Hawthorne Blvd: Three Stories for a Happy Ending

Bagdad TheaterGuest Contribution by Jeff Cole of the Sunnyside Neighborhood, Portland, Oregon

Hawthorne Blvd: Three Stories for a Happy Ending

Close in Southeast Portland neighborhoods have this thing that urban planners love to talk about: sense of place. I can’t help but feel a provincial pride in my own still somewhat scruffy Sunnyside. It’s been over a century in the making after all: not exactly urban, nor suburban – in no way prim, proper, or polished. A bit bohemian without being overt about it. You know where you are; here.

Yet, if our city’s planners and developers have their way – it may well be undone in a few short years. These are no idle fears – the behemoth across from Safeway (SE 27th/Hawthorne) and the four story tragedy next to ¿Por Que No? (soon to be ¿Por Que?) is proof Sunnyside’s sense of place – and indeed the entire Hawthorne District – is on the auction block.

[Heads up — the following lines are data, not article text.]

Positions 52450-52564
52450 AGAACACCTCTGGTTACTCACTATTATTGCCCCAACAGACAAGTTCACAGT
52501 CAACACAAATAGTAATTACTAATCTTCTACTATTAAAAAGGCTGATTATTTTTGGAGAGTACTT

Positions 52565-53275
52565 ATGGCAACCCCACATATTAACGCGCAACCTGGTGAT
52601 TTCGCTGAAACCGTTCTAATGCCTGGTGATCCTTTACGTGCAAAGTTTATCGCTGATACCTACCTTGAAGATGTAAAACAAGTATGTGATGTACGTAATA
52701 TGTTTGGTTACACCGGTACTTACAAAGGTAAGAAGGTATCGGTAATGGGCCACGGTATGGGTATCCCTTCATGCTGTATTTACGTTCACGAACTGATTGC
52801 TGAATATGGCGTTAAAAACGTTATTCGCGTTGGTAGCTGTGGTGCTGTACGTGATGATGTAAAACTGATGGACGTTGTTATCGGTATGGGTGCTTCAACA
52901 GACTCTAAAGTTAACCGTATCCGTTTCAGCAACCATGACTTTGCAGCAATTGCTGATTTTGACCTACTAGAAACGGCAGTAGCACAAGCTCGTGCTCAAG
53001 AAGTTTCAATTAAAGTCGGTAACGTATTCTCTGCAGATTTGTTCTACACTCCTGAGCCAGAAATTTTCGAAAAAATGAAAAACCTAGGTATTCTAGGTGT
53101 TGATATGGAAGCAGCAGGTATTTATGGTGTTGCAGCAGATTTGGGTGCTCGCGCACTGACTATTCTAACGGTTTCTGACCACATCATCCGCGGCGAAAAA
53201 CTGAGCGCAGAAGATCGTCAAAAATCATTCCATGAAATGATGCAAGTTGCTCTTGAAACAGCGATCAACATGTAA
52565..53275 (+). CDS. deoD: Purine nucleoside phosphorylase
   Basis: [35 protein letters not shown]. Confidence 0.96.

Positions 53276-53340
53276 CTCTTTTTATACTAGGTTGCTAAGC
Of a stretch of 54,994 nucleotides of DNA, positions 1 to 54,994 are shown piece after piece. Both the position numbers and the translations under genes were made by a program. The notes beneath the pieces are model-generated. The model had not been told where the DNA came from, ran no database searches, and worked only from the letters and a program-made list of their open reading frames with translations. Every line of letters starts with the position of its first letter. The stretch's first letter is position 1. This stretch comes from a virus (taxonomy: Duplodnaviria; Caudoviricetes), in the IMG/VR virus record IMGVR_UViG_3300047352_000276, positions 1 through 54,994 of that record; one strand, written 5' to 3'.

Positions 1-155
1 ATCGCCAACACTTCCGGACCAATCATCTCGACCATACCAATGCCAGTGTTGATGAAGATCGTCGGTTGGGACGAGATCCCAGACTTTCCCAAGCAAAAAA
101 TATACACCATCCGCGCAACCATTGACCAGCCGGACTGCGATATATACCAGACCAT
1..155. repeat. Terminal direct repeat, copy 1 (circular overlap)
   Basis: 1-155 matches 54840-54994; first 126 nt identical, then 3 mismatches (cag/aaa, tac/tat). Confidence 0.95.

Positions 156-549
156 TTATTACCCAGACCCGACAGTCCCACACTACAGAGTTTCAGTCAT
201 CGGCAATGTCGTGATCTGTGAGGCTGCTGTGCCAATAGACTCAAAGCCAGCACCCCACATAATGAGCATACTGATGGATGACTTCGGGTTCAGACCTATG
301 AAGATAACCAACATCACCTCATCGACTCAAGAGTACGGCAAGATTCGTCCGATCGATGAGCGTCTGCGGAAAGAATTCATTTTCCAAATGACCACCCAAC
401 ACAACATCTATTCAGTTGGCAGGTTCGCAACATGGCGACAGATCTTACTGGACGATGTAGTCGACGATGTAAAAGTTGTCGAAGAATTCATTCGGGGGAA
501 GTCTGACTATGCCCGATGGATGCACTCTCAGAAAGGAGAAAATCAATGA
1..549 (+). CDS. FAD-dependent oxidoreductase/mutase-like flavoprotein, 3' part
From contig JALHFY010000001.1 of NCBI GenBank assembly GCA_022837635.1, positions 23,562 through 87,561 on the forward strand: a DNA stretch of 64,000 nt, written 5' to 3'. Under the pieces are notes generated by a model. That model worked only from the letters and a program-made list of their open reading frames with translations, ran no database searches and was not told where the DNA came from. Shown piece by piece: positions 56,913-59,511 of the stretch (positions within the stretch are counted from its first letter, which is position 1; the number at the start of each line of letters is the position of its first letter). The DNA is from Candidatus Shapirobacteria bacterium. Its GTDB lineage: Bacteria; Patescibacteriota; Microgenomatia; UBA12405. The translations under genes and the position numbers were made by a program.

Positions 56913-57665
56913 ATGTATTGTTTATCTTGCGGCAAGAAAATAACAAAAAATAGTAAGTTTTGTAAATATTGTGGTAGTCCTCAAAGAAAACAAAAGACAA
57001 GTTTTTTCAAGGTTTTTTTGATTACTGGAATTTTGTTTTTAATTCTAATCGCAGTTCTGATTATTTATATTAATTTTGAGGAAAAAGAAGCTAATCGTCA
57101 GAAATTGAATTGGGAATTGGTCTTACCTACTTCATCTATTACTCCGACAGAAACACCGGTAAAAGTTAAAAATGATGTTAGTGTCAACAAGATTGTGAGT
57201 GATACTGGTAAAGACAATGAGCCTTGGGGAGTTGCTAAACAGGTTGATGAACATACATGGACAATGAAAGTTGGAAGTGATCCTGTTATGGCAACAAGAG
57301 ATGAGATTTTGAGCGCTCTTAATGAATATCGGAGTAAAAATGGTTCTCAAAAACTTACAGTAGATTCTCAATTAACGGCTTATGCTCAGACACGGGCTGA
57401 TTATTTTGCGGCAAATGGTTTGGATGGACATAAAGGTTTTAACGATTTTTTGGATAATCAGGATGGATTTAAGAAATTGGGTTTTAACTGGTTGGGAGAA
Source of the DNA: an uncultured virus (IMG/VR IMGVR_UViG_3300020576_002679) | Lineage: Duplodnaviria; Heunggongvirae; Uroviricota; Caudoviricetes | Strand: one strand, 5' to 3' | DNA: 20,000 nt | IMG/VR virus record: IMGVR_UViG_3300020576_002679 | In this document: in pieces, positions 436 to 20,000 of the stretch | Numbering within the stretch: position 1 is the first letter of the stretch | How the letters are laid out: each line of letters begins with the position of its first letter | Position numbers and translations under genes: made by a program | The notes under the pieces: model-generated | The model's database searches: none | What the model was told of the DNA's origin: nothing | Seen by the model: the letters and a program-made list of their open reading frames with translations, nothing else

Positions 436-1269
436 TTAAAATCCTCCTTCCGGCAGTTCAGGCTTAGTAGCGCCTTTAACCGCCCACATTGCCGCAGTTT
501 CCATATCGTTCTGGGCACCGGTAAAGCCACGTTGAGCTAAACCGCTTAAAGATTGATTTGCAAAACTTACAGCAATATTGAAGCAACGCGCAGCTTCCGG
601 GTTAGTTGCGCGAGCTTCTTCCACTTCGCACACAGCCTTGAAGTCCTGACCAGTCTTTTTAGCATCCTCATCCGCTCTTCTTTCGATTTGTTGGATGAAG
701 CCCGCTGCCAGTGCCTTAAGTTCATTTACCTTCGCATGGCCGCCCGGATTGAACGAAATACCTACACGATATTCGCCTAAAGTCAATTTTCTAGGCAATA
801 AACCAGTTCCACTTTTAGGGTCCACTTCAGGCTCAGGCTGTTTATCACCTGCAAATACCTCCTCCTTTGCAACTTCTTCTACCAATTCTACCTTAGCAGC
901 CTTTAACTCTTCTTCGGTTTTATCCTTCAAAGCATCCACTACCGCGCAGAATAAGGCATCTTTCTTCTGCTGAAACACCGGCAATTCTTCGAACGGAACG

It’s not that so many monumental wonders line much of Hawthorne – glorious Baghdad theatre palace aside. What charms me is the collective mercantilism of Hawthorne’s modest commercial storefronts – an authentic, living vestige that attests to the historical nature of this corridor and others like Belmont and Division.

Hawthorne hosts the small businesses I love and use day in and day out – and others I just enjoy having there. From cat food to dog baths. Beads, yarns, and greeting cards. Fashions new, handmade, and recycled. Herbs and perfumeries. Pipes, vapor cigs, and growlers. Vintage furniture across from retro tattoos. Powell’s and specialty bookstores. Restaurants and close-by grocery stores.